Thank you very, very much, Mrs. Lohr, Congresswoman Boggs, Mayor Washington, Mrs. Marriott, distinguished guests, ladies and gentlemen:
Let me thank you for this very beautiful, this very impressive book, which I understand is inscribed to both Betty and to myself. And I can assure you, as a stand-in for her, that she wants me to express on her behalf our appreciation for this thoughtfulness.
I thank not only you, Mrs. Lohr, but the American Mothers Committee and the many hundreds of people who helped to write--as you told us 500 or more-and the tremendous job of research that they did on this occasion. It is a very, very fitting contribution to our Bicentennial.
No birthday is complete without credit to the mother, and on this Nation's 200th birthday, we recall the achievements of all American mothers, past and present, who contributed to our Nation's progress. Of course, Betty is highly honored that she was chosen among those from Michigan to be included in this volume.
And I am proud not just of her own accomplishments but because I know Betty represents so many American mothers who hold their families together and help to hold this Nation together. Every mother faces a different set of challenges. For Betty--if I may add a personal note--I know it was the challenge of raising four wonderful children when my duties in the Congress often called for me to be away from home. And Lindy Boggs, I can assure you, can verify that experience.
As your organization so rightly recognizes, a successful mother must embody virtues such as love, courage, cheerfulness, patience, compassion, understanding, and the ability to make a happy home for her family.
Those characteristics are every bit as important today as they have been throughout our Nation's history and, indeed, throughout the history of civilization. In fact, at a time when the value of family life is being questioned by some and when the strains of contemporary life seem to threaten the family structure, I believe those virtues are more important than ever before.
Every American mother bears, as we all know, a great, great responsibility. As your conference theme states, the past cannot be changed; the future is still in your power. It is in the family that a child's character is formed and ethical standards developed. It is up to you and your husbands to see that America's children are raised in an atmosphere of morality as well as love.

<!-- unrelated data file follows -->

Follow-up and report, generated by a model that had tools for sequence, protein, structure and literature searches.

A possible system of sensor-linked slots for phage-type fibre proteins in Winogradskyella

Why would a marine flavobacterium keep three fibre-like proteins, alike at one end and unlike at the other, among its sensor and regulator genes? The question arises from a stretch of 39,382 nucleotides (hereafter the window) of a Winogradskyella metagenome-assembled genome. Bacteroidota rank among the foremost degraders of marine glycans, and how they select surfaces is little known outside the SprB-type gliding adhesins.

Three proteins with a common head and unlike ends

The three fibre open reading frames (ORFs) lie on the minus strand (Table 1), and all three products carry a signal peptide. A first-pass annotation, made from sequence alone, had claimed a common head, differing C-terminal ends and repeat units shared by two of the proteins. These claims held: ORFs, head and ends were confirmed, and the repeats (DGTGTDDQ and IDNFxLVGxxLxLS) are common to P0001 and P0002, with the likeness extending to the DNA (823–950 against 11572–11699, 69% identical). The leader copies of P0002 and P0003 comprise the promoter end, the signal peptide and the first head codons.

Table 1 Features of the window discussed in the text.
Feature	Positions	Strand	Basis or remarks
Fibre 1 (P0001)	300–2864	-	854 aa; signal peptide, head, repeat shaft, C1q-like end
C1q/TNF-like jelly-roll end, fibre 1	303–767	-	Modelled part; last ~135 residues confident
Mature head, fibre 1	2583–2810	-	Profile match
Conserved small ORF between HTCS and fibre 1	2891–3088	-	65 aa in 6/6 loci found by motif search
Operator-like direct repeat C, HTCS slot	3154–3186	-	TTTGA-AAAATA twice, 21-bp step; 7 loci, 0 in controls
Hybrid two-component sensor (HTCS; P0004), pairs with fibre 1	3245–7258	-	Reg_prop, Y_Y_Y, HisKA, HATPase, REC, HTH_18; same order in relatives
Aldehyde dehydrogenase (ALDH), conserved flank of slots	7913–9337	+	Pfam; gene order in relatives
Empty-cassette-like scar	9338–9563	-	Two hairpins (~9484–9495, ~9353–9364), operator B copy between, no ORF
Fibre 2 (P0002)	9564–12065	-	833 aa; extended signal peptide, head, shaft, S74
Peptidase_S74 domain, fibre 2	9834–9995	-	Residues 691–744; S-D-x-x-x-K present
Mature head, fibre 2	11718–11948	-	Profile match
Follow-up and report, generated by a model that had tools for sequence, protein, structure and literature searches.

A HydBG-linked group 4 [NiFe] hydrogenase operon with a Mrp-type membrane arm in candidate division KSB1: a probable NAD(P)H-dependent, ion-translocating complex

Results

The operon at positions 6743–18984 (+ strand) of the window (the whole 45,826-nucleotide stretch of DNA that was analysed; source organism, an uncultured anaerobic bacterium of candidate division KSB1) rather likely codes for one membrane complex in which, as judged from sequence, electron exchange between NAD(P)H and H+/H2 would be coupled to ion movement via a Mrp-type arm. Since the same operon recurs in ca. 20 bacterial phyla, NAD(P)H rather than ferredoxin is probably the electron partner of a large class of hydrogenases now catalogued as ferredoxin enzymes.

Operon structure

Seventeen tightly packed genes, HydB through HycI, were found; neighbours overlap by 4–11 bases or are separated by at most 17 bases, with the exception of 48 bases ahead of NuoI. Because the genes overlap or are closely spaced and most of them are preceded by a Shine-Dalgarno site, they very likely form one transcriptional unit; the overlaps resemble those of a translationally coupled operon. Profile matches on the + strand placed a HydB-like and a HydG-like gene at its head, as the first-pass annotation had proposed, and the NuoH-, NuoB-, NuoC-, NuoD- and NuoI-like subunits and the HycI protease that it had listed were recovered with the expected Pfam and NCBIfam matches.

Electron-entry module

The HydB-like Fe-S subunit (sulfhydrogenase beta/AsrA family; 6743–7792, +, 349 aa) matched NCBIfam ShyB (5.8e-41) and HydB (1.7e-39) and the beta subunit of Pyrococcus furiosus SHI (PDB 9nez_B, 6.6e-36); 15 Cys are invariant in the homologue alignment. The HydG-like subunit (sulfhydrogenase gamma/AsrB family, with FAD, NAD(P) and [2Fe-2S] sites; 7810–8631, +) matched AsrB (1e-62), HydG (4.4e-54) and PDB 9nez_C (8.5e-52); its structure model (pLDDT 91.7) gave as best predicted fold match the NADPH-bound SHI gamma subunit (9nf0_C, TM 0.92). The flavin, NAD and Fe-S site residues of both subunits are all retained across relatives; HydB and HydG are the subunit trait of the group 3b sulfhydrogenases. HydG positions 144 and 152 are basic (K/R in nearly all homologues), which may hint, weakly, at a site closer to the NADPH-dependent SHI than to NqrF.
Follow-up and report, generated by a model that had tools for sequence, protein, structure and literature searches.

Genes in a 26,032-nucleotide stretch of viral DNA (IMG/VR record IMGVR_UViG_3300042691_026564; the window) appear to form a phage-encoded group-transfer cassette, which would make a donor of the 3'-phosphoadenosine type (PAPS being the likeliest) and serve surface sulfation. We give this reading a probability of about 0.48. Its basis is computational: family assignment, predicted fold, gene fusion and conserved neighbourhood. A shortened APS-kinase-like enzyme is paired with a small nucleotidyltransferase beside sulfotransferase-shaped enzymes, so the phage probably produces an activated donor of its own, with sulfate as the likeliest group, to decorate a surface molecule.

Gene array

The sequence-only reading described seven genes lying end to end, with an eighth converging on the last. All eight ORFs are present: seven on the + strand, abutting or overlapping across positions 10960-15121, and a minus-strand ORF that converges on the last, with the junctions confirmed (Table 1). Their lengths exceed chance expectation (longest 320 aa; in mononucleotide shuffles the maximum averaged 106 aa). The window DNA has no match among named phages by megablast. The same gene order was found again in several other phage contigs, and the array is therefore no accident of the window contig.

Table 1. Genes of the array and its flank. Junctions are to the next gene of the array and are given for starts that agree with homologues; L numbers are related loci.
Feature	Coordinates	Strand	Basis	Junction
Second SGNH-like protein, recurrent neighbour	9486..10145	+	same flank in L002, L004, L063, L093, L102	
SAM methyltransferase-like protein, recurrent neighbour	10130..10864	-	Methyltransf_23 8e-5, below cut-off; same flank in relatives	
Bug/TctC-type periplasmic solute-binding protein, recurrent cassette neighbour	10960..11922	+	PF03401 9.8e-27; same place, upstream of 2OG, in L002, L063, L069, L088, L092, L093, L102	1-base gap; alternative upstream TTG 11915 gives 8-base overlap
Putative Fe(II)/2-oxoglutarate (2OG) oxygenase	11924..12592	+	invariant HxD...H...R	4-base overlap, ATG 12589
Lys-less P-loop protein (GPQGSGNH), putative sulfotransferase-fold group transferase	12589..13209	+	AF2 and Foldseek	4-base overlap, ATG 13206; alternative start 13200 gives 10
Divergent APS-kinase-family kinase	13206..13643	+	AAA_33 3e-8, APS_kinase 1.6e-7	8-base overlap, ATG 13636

It is up to you to see your children take joy in living and develop strength and self-confidence. It is up to you to see that the next generation of all Americans will carry with them throughout their lives the values that have made America a great, free nation. Mothers and fathers establish within their own homes the duties of their children, and they help their children to recognize the obligations that come with being a responsible citizen.
In this Bicentennial Year, all Americans must rededicate themselves to the values on which this country was founded: that all men are created equal, that they are endowed by their Creator with certain inalienable rights, and that among these rights are life, liberty, and the pursuit of happiness.
You give your children life to teach your children the meaning of liberty, its duties as well as its privileges, and you put them on the path to finding their own personal happiness. This combination of responsibilities is what makes motherhood a career in itself, a strenuous, rewarding job.
But as millions of Americans demonstrate, American mothers prove every day the career of raising a family need not exclude other careers. Today, mothers are more likely to be working than ever before--five times as likely as 1940. More than half of all mothers with school-age children were in the labor force last year, a higher rate than for women without children. But whether or not they work outside their homes, America's mothers make countless contributions to their families, to their communities, and to their Nation.
Tonight, the American Mothers Committee honors that contribution and chooses one American mother who embodies the best in all American mothers. It was John Quincy Adams who said, "All that I am, my mother made me;" that thought was repeated by Abraham Lincoln, Ralph Waldo Emerson, and many others. And as Mother's Day this Sunday draws near, it is a thought that should be in the hearts of millions of Americans. I know it will be in mine and in yours.
On behalf of your children, your families, and your Nation, I thank you.
And now, the national president of the American Mother's Committee will announce the name of the 1976 National American Mother.
Thank you very much.